No matter what your fitness goals may be, everyone should include the 4 essential pillars of physical fitness. That’s because to be truly physically fit, you need to emphasize these 4 pillars from head to toe. By working on and enhancing these 4 essentials, you’ll be able to live a full life. A life filled with more energy, strength, agility, and stamina to meet your everyday demands. Now, who doesn’t want that?
Even if it’s been a while since you’ve exercised regularly, any physical activity counts. It’s advised, especially if you have any physical limitations, to get your doctor’s okay before engaging in working out. Start off slowly and gradually build up over time.
To make the most of getting a total-body workout, optimize each of the following 4 pillars of exercise. You can choose to work on each pillar separately throughout the day or include them all in one session. Whether you prefer to work on them by yourself, join a gym or work with a personal trainer, the most important thing is to do what works best for you. You’re in charge of your body and it needs you to get in better shape. Here’s how to get started:
1. Aerobic Exercise
How long you can walk, jog or ride your bike depends on your endurance enhanced by aerobic exercise. When practiced regularly, aerobic exercise strengthens your heart muscle and increases the blood pumped with each heartbeat. Why is this beneficial to you? This helps lower your resting pulse rate, reduces blood pressure, increases the amount of oxygen-rich blood pumped to your muscles, and reduces your risk of conditions such as obesity, type 2 diabetes, metabolic syndrome, and certain types of cancer. Regular aerobic exercise is also good for brain health helping support new brain cell growth while preserving existing brain cells.
Examples: Walking, hiking, swimming, jogging, dancing, tennis, or any movement that increases your heart rate for a sustained length of time.
How often: Ideally work up to 5 days a week for at least 30 minutes a day of moderate-intensity
2. Strength Training
If you want to stay strong being able to carry heavy grocery bags, carry a full trash can out to the curb, or move a couch from one room to another, will require muscle endurance and strength. Having this ability to do repetitive muscle activity means the difference between raking leaves and shoveling snow for one minute or 10 minutes or more. Building and maintaining muscle mass has numerous advantages: increases bone density reducing the risk of osteoporosis, helps manage weight, increases metabolism to burn more calories, reduces chronic conditions such as arthritis, back pain, and diabetes, and research has shown strength training may improve thinking skills as you age.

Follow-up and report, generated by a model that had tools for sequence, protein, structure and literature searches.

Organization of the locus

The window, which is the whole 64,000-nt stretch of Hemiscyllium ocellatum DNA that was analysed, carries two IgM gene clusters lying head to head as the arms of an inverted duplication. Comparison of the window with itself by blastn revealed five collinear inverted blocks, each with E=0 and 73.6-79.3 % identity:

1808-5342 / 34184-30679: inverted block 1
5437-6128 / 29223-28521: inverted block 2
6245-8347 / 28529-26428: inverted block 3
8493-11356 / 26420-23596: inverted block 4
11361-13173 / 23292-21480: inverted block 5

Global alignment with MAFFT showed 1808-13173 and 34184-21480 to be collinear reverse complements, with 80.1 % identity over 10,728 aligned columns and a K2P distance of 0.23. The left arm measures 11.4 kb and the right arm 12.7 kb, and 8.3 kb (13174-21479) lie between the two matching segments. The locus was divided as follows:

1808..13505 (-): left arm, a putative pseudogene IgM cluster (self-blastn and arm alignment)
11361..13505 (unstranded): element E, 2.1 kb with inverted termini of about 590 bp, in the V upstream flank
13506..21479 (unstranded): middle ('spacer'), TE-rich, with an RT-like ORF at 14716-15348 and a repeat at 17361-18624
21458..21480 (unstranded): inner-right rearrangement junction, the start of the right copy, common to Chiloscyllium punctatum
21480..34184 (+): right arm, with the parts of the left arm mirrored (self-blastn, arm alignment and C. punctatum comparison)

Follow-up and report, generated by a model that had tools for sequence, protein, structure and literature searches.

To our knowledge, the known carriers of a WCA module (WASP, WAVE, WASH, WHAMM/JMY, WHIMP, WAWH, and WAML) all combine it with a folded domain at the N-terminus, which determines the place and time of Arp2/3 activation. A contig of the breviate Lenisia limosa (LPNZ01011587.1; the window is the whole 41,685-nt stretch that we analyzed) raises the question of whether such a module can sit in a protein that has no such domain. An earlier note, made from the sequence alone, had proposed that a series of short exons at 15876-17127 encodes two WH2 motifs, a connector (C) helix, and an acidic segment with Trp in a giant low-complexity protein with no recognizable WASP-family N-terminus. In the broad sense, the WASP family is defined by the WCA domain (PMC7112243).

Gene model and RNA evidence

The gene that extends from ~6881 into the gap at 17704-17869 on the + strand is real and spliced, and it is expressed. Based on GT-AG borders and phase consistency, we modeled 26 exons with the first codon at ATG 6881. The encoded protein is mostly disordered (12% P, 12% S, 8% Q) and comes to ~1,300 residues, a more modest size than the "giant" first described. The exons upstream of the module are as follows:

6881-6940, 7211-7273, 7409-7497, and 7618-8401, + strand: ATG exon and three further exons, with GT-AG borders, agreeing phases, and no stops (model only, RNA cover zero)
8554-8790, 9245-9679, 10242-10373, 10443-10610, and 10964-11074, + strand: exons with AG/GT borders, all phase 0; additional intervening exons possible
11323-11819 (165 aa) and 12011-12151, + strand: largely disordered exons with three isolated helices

Examples: Lifting weights, working with resistance bands, climbing stairs, squats, lunges, planks, push-ups, and pull-ups.
How often: It’s recommended to work all major muscle groups (legs, arms, back, and abdomen) every other day or about 3 times a week. Do 8-12 repetitions per set (start with one set and work up to doing 3 sets) when performing strength exercises.
Likely your view of a physically fit person is someone with bulging muscles. Flexibility may be an afterthought. But never underestimate flexibility. Your ability to bend over and tie your shoes, stretch to remove packages from your car or reach for a box from a high shelf without hurting yourself, relies on how flexible you are. Range of motion is what determines flexibility and when you maintain this pillar of physical fitness, you’ll reduce your risk of injuries and muscle soreness, gain better posture, and gives you better self-confidence in how your body looks and feels. Never forget the impactful ways flexibility positively affects your life.
Examples: Yoga, Pilates, Tai chi, and basic stretching.
How often: Ideally daily but start off with around 3-5 times a week. Allow about 10-15 minutes a session and hold each stretch 30 to 90 seconds as you stretch through a full range of motion.
Having good balance is everything but it must be maintained throughout your life. If you don’t take steps now to nurture balance, it can diminish with age putting you at risk for serious falls. Besides aging, balance problems are also a concern for anyone with Parkinson’s disease, multiple sclerosis, arthritis, and osteoporosis. Athletes embrace good balance as it improves agility, quicker reaction time, and body coordination. For elderly people, improving balance may mean replacing a walker with a cane to eventually not needing a cane. A good balance has even been associated with improving cognitive skills, improving posture, and may reduce developing arthritis and back pain.
Examples: Stand on one leg when waiting in line or brushing teeth, walk heel to toe forwards and backward, practice rising from a seated position without using your hands, practice on a wobble board or take a Tai Chi, yoga, or dance class.
How often: Ideally daily or at the very least 2-3 days of performing at least 5-10 minutes of balancing moves.